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PETA urges halt to Kenya's 'horrific' donkey skin trade to China

AFP  |  Nairobi 

activists urged Thursday to ban the slaughter of donkeys for Chinese medicine, a practice which has soared in recent years, decimating populations of the animal in

skins are exported to to make a traditional medicine known as ejiao, which is believed to improve blood circulation.

It was once the preserve of emperors but is now highly sought after by a burgeoning middle-class.

People for the Ethical Treatment of (PETA) told AFP that an investigation inside Kenyan slaughterhouses showed being cruelly beaten by workers, or dead after long truck journeys from neighbouring countries.

"is calling for to join many other African nations in banning the slaughter of donkeys. There is simply no need for this cruelty, (the medicine) is not even something that has been shown to be effective," said

is increasingly looking to to satisfy demand as its own population has nearly halved in recent years.

Several African countries have banned the export of skins and closed Chinese-owned slaughterhouses, meaning thousands are now trucked long distances into from countries like Ethiopia, and

"There are virtually no laws against the abuse of on farms or in slaughterhouses in Kenya, so none of the violence captured in the footage is punishable from a legal standpoint," said in a statement.

The government has not responded to a request for comment.

John Kariuki, the where alleged abuse was observed, told AFP: "Whoever saw donkeys beaten inside my slaughterhouse is a liar and should look for something else to talk about."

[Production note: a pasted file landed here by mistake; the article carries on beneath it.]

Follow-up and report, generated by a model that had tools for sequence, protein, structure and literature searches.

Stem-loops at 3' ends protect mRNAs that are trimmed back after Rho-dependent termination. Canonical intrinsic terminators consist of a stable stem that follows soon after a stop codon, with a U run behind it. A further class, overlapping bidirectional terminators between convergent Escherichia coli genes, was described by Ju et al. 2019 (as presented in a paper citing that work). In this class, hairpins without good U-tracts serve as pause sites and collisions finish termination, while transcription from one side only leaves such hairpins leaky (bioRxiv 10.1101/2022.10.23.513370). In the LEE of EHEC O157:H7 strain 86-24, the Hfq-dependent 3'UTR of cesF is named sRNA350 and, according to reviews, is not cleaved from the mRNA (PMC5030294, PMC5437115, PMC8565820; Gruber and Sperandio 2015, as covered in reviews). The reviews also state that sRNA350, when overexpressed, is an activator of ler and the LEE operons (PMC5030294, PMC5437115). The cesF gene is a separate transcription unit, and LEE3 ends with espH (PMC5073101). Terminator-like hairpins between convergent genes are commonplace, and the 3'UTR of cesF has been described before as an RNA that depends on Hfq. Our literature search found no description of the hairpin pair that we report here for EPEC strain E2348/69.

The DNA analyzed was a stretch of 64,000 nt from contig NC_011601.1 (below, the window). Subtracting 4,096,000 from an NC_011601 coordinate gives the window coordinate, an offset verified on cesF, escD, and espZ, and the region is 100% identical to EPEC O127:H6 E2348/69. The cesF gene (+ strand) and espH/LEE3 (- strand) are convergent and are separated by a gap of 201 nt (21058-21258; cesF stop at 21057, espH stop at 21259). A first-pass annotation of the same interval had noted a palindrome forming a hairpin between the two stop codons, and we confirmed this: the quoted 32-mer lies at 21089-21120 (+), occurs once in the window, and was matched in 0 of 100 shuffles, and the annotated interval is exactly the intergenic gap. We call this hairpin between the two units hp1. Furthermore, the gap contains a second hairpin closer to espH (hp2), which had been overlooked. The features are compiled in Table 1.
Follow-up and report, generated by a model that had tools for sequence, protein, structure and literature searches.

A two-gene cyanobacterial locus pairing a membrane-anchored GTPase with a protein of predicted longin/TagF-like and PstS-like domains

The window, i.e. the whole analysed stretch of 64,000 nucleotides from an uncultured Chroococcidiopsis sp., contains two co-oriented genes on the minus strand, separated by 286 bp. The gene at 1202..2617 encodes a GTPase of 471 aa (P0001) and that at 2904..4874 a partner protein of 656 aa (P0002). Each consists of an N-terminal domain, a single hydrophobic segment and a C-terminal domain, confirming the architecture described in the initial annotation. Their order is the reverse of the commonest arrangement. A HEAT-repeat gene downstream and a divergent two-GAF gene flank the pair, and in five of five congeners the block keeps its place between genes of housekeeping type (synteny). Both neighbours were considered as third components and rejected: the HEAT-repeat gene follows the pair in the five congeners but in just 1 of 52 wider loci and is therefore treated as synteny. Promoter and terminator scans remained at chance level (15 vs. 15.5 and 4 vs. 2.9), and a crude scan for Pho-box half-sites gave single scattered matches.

of the UK-based animal welfare organisation The said stories about the trade first began emerging in 2016, with tales of people waking up in the morning to find all of their donkeys had been stolen in the night, often skinned a short distance away.

"It started to happen across all corners of Africa, then even wider to Brazil, Peru, Pakistan, all over we were seeing the same photos, the same stories." An investigation by the body in 2017 found the donkey skin trade was inhumane and "completely unsustainable", he said.

As the main export is the skin, "it doesn't really matter if a donkey is beaten or bruised by the time it is slaughtered, there is no incentive at all to keep donkeys in good welfare," said Mayers.

In Tanzania, there had been cases of slaughterhouse workers using sledgehammers to kill donkeys, he added. "We've seen cases in where donkeys have been rounded up and machine-gunned. In South slaughter operators have admitted using hammers to kill the donkeys, or... skinning them alive.

(This story has not been edited by Business Standard staff and is auto-generated from a syndicated feed.)

First Published: Thu, May 16 2019. 16:01 IST
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